“We mapped out who’s who and where we are,” he said.

It was interesting to learn how they took the initiative to look back into its library of materials to see if they are still relevant. Not many companies would bother to do so and to see if previous works still mattered, as the torrent of materials can be overwhelming, for any company.

“This is how I do it with my team: ‘Get aligned, set expectations, pre plan, get buy-in and make it real,” Berger said.

In aligning objectives, Berger said General Assembly followed patterns that champion reusability, consistency and efficiency across products and teams. “We had a single style guide to help our production cycle. We spoke the same languages across design and engineering.”

“We optimize team efficiency and design impact, fix processes and sunset old cluttered systems and shed light on things that have been overlooked,” he added.

After its sprint, Berger was only too willing to share its learnings:

  • Empower your team
  • Draft a design team charter
  • Pair new hires with veterans
  • Cross-product design collaboration is very powerful
  • Make research insights accessible to everyone
  • Frame stakeholder discussions in the present

(It’s easier to work with wish lists if we understand the facts first)

  • It’s extremely inefficient to achieve growth and future goals without the foundational pieces in place
  • Teams can now visualize the complexity and work to simplify it
  • We stubbed out a huge chunk of our Pattern Library
  • We identified key areas for additional research in our ecosystem
  • We have actionable roadmaps to tackle each initiative in order to keep the momentum going

What to avoid? “Silos are destructive,” he said. “They resist change. They promote one-off solutions. Scalability isn’t top of mind. They burn people out.”

Gergen talked about the redesign of Meetup, which now sports a new logo that captures the spirit of the platform: it’s a swarm (of people).

Gergen admitted that its beginnings as a company “didn’t have a design team when we started. We did usability before design.”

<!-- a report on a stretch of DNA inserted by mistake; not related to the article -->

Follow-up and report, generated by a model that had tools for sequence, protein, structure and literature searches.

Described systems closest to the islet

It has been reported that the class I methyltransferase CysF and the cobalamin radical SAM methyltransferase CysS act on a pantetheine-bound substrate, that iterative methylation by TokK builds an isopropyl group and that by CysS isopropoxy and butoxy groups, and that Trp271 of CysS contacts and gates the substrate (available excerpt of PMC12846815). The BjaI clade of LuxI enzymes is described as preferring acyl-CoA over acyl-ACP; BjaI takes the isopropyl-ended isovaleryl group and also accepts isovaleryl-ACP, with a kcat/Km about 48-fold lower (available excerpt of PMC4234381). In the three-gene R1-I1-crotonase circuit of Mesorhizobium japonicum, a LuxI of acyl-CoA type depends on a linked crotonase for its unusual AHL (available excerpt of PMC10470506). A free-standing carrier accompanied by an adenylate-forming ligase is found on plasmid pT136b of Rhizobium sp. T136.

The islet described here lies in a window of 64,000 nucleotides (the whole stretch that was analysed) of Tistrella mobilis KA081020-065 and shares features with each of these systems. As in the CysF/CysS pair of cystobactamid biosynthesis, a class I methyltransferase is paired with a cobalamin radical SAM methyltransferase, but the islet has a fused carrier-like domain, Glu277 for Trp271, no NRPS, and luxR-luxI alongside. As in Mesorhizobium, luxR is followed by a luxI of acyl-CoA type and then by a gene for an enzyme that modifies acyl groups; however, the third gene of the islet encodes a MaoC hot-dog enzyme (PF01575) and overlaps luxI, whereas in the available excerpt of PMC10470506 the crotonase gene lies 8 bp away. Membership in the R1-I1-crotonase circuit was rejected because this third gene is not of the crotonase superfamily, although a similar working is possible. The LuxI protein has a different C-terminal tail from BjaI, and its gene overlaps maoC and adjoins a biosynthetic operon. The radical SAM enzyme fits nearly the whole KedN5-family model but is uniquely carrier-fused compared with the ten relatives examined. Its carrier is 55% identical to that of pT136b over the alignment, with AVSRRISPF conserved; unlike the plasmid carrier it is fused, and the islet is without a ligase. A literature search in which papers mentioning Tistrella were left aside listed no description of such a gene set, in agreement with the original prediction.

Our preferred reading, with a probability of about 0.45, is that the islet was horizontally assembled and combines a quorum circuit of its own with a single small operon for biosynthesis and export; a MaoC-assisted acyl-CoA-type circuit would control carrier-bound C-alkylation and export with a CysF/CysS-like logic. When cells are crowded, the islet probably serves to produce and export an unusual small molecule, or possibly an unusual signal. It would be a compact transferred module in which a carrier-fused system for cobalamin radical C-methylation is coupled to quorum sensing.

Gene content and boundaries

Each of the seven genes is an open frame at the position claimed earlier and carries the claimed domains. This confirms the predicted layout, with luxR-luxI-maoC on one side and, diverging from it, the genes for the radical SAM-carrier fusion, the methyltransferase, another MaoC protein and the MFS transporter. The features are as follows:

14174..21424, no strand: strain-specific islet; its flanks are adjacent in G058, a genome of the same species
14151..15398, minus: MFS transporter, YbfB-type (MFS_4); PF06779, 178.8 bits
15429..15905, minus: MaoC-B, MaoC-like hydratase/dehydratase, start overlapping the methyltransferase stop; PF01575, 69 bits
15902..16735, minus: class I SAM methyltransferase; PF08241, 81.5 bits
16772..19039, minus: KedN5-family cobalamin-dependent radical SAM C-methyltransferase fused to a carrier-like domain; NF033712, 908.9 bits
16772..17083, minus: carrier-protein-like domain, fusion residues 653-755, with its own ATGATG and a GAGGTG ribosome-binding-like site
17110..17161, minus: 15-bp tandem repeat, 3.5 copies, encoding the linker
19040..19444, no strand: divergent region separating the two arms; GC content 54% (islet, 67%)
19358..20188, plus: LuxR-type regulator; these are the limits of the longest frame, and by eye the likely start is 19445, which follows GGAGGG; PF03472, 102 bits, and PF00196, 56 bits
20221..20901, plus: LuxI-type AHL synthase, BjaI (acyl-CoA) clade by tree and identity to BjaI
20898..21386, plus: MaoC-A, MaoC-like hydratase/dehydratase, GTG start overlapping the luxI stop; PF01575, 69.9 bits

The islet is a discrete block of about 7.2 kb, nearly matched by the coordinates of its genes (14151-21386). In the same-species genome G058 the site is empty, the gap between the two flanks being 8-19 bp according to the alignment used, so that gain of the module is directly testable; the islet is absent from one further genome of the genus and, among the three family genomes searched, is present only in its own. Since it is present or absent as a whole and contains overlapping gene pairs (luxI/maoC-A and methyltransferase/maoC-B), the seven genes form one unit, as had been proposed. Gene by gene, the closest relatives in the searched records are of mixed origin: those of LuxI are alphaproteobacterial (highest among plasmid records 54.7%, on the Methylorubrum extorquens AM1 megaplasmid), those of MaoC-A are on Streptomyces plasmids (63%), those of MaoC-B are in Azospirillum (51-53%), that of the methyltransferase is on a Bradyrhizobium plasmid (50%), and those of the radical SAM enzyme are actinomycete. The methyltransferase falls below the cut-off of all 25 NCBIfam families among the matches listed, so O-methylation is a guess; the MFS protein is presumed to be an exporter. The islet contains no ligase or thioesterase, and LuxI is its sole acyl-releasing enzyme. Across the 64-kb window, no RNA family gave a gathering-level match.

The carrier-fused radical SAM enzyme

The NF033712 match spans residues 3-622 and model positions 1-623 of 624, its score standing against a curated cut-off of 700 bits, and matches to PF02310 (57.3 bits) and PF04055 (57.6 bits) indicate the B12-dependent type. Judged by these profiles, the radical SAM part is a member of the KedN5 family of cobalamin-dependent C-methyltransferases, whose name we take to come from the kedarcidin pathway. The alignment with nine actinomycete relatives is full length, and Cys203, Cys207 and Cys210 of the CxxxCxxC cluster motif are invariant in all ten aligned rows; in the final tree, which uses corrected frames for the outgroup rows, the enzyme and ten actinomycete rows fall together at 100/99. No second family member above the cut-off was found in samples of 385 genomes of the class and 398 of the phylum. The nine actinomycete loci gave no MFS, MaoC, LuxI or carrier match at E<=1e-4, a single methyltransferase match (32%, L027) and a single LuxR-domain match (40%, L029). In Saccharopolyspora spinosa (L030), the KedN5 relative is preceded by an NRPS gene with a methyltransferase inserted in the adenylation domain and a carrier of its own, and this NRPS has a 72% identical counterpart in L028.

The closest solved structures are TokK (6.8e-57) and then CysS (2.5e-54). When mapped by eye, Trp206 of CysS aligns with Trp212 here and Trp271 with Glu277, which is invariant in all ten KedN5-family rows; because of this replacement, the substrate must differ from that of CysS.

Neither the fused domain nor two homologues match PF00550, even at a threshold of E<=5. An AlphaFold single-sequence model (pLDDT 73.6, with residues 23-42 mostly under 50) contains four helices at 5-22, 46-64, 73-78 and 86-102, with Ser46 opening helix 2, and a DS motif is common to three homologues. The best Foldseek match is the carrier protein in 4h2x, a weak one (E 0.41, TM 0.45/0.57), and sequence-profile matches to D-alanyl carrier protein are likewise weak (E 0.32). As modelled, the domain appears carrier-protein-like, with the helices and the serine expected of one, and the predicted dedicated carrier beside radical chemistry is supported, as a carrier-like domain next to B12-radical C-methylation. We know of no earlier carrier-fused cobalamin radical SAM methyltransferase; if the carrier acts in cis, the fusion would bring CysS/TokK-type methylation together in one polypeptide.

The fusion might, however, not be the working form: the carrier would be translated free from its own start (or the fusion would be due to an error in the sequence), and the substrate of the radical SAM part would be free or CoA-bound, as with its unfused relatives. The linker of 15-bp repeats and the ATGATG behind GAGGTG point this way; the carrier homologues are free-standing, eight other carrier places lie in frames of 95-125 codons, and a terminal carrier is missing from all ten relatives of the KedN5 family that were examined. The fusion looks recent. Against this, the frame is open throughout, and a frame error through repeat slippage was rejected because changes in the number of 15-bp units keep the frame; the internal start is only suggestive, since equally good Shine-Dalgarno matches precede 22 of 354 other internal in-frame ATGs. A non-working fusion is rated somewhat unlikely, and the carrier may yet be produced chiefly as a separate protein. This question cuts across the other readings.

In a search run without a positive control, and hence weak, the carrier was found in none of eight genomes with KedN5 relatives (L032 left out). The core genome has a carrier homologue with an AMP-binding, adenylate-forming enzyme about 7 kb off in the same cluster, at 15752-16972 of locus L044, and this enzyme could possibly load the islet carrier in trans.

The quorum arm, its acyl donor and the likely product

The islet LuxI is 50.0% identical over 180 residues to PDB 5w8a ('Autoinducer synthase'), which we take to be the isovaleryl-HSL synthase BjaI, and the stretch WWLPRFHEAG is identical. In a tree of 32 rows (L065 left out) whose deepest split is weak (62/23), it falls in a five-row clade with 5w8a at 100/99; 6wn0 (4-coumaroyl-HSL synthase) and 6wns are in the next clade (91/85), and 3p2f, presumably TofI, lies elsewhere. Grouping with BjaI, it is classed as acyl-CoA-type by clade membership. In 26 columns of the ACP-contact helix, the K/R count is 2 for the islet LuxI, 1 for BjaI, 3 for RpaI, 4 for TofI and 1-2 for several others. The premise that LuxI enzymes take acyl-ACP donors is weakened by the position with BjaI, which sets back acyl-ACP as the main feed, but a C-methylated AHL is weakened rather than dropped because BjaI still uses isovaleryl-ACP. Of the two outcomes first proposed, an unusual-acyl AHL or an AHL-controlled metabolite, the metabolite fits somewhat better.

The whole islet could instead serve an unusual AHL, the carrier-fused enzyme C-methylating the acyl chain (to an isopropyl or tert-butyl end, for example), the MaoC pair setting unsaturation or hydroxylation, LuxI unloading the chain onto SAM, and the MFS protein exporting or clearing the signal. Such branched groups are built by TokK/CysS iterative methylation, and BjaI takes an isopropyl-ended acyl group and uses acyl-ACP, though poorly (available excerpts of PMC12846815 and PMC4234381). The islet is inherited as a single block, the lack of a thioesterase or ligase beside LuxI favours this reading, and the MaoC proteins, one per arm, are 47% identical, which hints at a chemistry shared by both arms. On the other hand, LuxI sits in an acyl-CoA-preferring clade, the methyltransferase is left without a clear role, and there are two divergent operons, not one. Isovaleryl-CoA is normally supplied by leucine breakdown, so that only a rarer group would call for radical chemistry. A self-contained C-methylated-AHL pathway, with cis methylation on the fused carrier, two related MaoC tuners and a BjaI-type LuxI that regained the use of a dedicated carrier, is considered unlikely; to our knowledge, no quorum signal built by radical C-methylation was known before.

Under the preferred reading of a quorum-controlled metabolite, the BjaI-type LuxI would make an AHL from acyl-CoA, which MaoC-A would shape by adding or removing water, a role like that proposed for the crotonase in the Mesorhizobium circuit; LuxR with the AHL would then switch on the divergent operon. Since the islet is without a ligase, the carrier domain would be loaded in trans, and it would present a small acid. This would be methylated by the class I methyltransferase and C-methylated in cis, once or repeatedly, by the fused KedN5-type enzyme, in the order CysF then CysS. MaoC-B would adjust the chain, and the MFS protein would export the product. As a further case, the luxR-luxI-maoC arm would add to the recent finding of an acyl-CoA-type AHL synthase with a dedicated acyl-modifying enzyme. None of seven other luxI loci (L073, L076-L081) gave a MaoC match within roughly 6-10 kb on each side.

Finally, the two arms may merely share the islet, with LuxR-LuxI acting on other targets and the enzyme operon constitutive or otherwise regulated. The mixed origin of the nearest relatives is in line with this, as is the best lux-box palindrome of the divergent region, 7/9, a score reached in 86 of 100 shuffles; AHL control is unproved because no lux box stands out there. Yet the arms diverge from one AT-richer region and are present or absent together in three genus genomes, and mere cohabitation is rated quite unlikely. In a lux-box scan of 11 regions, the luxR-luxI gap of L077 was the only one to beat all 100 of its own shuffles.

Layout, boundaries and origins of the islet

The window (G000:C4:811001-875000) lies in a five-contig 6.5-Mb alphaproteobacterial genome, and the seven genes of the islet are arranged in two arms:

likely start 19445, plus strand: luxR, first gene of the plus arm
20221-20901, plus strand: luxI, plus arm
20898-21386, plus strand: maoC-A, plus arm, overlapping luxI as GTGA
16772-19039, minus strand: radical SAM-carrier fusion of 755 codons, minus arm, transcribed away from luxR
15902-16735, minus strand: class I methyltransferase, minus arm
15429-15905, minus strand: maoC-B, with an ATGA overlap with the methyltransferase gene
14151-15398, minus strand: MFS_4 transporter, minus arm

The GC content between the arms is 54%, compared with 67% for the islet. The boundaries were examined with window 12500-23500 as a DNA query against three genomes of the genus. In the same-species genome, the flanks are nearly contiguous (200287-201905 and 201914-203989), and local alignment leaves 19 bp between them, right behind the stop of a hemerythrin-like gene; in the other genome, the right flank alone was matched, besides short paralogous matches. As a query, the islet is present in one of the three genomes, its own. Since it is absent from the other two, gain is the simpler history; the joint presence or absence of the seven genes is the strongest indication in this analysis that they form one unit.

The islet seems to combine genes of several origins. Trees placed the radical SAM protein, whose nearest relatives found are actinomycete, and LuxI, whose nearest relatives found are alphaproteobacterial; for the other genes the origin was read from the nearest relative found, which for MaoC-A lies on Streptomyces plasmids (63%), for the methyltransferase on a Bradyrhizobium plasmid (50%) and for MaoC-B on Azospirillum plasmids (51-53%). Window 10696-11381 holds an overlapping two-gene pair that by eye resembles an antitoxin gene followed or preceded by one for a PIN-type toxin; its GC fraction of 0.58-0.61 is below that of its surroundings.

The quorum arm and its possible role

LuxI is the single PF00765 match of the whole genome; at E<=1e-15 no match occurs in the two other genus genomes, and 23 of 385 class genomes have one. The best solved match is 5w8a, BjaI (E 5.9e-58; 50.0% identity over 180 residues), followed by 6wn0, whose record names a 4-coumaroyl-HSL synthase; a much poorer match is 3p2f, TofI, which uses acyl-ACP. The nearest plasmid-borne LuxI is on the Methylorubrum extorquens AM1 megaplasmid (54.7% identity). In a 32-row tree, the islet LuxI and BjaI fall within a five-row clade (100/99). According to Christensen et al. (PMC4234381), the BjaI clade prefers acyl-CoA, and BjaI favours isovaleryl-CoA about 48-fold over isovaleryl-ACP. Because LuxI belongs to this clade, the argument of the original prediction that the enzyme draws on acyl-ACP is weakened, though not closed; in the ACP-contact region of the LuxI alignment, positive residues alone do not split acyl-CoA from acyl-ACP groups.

It helped explain the time it took the company a long time to rebrand since it was founded after 9/11 when there were no apps and UI was an abbreviation still alien to many. There was a lot to “unlearn.” There was a need to define design. Its rebranding, unveiled this year, took 2 years. It included a “remade Meetup that is personal, lightweight and a (good) mobile experience.”

Gergen showed how a design director’s job goes beyond the creative, as she made use of spreadsheets to do a health checkup and a design team health benchmark for Meetup.

She also made sure that everyone was involved. The primaries: the key decision makers; the secondaries: the designers who know their work and the subject matter experts. Depending on the tasks, it had IOS experts providing assistance for its app development or marketing people for its marketing efforts.

How do you get your team to become design driven? “Get lucky,” she said.

She elaborates, “Do user research. Do stakeholder surveys. Do a company wide survey.” For the latter, some staffers produced essays that were 10 pages long.”

Because its company actually makes people meet in person, she had some of her design team go to actual meetups. “We organized teams to go to meetups and interview people.”

Percolate and TeachersPayTeachers were other presenters.

Facebook Shows Roadmap to AI; Qubole Addresses Big Data’s Low Success Rate

qubole

NEW YORK—Why do companies struggle with Big Data and why is Ashush Thusoo, founder and CEO at cloud-scale data processing Qubole, concerned about it? The answer is obvious: Big Data gives you competitive advantage if companies can manage it; unfortunately, not all the time. It has been reported that only 27 percent of Big Data initiatives are classified as successful in 2014.

What are the impediments of aspiring data-driven enterprises? Thusoo enumerated it as follows: a rigid inflexible infrastructure, non-adaptive software services, highly specialized systems, and how it’s difficult to build and operate.

Thusoo was joined by Antoine Bordes, AI research scientist at Facebook; Katrin Ribant, founder and CSO at Datorama and Nick Elprin, founder and CEO at Domino Data Lab last October 26 at the Data Driven meetup at Bloomberg. The meetup, hosted by First Mark Capital’s Matt Turck, was back at Bloomberg after holding several events at AXA Equitable Center.